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Met Office Have Predicted Coldest Winter For A Decade

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Apparently the met office are predicting this winter will be the coldest winter in a decade...

Therefore more demand for oil.

It's already quite cold *Brrr* and it's only September!

Can't wait 'til January... :o

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It is possible to look at along term averages and trends, but what you get is a prediction or probability, not a forecast! It is symantics to a certain extent but the science behind the words is very different.

However, the asset markets may not realise that and if the US come out and predict a cold winter, just watch the oil futures!

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Guest Charlie The Tramp
I would not put too much stress on met office forecasts of this winter until we are well and truly in winter. Anything more than 5-10 days ahead is pure speculation

I agree, but I always take notice of the Sparrow Hawk who visits my garden. No longer Sparrows for him the big juicy Pidgeons are a must. Fattening himself up for a cold cold winter. He knows. <_<

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Hmm. The cynic in me thinks that if their modelling even hints at this, this forecast is the safe option.

If it turns out wrong, sighs of relief all round.

The opposite way and they are pilloried.

All organisations have to consider their PR.

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People ask me if I regret selling to rent – I have always said no

But next year I might just regret it as I sold in sunny sunny London and moved to the coldest part of Norfolk (You haven’t seen ice until you see Norfolk ice). God help me if we have a cold one this year

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It says it at the bottom of the page that winter will not be cold:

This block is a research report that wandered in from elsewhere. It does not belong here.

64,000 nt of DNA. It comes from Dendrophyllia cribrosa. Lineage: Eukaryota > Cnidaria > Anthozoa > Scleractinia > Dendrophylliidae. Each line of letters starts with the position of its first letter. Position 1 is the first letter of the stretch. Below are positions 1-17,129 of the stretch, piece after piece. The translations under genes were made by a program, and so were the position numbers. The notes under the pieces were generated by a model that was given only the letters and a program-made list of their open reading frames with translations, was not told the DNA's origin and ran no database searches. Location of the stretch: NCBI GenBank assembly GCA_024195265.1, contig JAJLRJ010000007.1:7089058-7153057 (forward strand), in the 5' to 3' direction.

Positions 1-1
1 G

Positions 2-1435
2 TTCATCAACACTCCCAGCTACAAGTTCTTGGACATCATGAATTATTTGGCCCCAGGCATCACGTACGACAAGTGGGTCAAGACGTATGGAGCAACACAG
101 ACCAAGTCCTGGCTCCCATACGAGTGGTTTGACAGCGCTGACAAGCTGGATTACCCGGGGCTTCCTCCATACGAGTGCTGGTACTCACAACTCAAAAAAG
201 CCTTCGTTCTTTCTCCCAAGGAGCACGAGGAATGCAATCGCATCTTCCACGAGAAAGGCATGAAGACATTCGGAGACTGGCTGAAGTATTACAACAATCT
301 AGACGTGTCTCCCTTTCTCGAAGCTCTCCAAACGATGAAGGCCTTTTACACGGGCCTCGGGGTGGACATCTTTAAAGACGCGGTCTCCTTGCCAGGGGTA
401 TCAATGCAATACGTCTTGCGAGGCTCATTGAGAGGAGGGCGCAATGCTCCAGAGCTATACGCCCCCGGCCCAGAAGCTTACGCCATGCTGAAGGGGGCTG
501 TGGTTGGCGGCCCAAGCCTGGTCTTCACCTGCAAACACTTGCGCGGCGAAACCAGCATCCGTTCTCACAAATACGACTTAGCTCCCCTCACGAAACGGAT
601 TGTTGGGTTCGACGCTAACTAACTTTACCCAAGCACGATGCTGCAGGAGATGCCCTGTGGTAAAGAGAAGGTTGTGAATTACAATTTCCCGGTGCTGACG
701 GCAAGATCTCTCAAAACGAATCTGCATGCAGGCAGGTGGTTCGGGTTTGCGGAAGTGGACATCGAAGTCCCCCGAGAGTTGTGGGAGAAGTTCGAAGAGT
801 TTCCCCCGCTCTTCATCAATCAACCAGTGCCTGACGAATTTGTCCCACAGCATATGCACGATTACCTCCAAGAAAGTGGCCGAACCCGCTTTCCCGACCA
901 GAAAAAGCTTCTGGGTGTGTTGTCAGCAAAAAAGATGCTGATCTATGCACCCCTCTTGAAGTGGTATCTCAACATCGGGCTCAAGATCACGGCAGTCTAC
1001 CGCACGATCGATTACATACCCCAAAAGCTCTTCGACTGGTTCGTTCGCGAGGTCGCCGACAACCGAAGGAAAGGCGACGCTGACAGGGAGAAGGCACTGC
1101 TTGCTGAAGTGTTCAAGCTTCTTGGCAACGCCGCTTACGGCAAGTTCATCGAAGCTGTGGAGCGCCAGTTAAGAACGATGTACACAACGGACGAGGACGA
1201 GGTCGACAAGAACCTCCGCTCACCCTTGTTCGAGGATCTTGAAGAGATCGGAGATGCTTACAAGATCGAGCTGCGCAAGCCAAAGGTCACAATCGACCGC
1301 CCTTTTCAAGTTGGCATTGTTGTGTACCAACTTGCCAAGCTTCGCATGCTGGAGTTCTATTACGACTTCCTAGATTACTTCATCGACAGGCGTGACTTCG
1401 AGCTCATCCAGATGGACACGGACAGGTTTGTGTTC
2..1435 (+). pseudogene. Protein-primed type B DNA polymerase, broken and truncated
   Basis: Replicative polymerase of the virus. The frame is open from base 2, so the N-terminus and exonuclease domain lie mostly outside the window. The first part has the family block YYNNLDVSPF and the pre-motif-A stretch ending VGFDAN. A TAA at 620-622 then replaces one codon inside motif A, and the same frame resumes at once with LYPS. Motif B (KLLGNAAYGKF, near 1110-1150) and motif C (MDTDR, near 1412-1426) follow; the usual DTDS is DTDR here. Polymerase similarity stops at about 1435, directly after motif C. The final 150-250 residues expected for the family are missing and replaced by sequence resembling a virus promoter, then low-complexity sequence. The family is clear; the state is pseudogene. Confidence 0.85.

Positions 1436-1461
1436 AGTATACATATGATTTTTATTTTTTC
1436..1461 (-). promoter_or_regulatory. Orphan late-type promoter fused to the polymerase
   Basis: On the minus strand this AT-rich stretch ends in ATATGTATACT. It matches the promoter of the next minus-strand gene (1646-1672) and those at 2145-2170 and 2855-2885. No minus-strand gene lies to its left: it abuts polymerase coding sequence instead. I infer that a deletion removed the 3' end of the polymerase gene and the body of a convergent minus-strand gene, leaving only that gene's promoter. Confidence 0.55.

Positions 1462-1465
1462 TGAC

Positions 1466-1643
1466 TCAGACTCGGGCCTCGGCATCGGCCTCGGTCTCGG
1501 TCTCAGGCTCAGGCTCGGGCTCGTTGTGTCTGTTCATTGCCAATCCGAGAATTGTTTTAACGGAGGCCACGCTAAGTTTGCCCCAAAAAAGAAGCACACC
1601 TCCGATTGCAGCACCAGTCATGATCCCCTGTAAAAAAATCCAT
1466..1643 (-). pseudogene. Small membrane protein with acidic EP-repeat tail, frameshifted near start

Winter 2005/6

Added : Wed 21 Sep : 11:18:37 AM

The Metcheck Winter forecast will be released on October 15th this year, however, we've been taking a look at some of the early indices currently available.

Snow cover is probably one of the most powerful driving forces for weather patterns in the Northern Hemisphere. This is because of two reasons. The first is that snow has high albedo and non-snow covered land will absorb between four and six times more energy than snow covered land.

The other, is that when the snow melts, energy is drained from the boundary layer, energy which could again go into heating the soil.

In the Northern Hemisphere, the land to sea ratio is about equal, whereas in the Southern Hemisphere there is almost four times the amount of water than land.

The link between late Spring snowfall and the forthcoming Summer across the Atlantic is well known. Late snowfall will result in a delayed and often, average summer for many.

The link between Autumn snow cover and the forthcoming winter is, however, a little more complex. In short, the more snow across the Eurasian plateau from May to September, results in less energy for the Northern Hemisphere and blocked, cold winters are common.

At present, only half the snow data is available, which is why the winter forecast isn't released until October, but early indications, with the Eurasian plateau about 823,000 sq km down on the amount of snow we would normally see, means that a blocked, colder than average winter, is looking less and less likely this year.

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Guest Bart of Darkness

Weather forcasting is hardly the most reliable science.

I'm sure they'll be able to give us a more accurate assessement by April 2006 at the latest.

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If thinking about oil prices, it's probably better to consider what the weather will be doing in North America this winter. Their heating energy needs are likely to be much higher than the UK's.

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Apparently the met office are predicting this winter will be the coldest winter in a decade...

Therefore more demand for oil.

It's already quite cold *Brrr* and it's only September!

Can't wait 'til January... :o

damn, I was hoping to reduce my gas usage this winter. I'll have to dig out some warm jumpers....

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  • 302 Brexit, House prices and Summer 2020

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      • down 5% +
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